is cutting 2 percent of its workforce, or 700 employees, at its U.S. Community Publishing division as the company struggles to turn the corner on a deep downturn in advertising revenue.
"As we reach the mid-point of the year, the economic recovery is not happening as quickly or favorably as we had hoped," wrote Robert Dickey, president of the division, in a memo to employees Tuesday.
"National advertising remains soft and with many of our local advertisers reducing their overall budgets, we need to take further steps to align our costs with the current revenue trends."
Gannett is the largest newspaper chain in the United States, home to more than 80 daily papers including
Republic and the Indianapolis Star, and is considered the bellwether in the industry.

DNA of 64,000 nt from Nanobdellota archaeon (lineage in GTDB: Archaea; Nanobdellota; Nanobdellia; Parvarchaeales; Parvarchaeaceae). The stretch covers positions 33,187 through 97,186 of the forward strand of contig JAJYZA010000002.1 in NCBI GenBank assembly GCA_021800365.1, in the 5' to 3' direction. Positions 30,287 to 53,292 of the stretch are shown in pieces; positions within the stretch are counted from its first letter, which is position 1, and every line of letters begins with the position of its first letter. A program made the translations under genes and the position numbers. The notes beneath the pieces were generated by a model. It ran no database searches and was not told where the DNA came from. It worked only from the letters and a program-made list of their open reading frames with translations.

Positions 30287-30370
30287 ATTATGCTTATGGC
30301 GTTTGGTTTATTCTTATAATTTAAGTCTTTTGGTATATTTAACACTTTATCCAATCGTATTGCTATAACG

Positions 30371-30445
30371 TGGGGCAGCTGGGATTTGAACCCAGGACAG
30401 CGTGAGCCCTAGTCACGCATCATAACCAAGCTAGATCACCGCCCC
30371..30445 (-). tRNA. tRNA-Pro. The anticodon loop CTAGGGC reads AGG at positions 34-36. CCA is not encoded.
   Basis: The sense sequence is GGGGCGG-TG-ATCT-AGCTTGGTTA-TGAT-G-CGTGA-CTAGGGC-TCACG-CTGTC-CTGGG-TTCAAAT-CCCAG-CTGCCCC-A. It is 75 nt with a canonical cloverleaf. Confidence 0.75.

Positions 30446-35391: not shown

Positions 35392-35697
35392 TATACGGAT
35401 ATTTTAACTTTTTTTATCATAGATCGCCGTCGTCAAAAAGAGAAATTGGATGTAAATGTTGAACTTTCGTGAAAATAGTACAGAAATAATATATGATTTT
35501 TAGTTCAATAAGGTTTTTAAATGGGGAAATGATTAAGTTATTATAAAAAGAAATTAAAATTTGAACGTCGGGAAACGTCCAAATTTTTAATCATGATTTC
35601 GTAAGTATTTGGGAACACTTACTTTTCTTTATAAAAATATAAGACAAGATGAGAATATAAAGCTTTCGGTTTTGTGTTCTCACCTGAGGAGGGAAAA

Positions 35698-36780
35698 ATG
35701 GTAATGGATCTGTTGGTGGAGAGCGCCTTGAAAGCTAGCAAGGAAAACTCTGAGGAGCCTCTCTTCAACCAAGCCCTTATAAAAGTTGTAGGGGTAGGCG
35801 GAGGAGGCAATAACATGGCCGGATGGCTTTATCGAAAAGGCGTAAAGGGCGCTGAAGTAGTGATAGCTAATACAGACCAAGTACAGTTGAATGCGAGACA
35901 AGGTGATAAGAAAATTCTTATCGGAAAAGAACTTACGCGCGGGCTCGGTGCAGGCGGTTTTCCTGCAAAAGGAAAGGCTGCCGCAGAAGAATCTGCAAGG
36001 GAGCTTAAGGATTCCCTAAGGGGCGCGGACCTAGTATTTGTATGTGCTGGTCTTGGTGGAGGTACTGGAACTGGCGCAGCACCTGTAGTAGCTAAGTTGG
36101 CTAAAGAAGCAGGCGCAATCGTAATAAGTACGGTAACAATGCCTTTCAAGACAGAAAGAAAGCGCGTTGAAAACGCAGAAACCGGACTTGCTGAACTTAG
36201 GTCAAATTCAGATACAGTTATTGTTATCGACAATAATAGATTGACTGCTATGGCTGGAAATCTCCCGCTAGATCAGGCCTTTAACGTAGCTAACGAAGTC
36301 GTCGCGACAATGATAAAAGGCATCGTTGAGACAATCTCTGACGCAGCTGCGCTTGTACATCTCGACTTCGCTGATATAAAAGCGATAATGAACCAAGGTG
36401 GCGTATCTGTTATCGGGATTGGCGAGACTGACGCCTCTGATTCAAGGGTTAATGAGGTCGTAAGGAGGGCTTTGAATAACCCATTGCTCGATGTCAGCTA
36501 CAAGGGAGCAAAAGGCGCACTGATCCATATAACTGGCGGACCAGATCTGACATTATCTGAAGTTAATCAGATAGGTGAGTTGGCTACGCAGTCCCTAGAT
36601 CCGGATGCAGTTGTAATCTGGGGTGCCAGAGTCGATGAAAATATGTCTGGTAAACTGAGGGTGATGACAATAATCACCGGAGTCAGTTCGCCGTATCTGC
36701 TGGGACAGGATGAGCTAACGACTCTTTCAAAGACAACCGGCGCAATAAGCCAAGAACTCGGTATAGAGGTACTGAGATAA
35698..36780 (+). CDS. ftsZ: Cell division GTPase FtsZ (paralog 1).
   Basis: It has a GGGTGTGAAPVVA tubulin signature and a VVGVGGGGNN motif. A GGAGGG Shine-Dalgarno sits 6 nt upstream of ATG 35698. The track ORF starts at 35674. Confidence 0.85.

The company reported a decline in first-quarter profit and revenue driven in part by a 7 percent drop in advertising sales at its publishing division.
National print advertising revenue fell almost 11 percent.
A Gannett spokeswoman referred to Dickey's comments about improved audience growth but said that weakness in real estate, employment and auto advertising was affecting revenue growth.
The memo was posted on the media website Romenesko.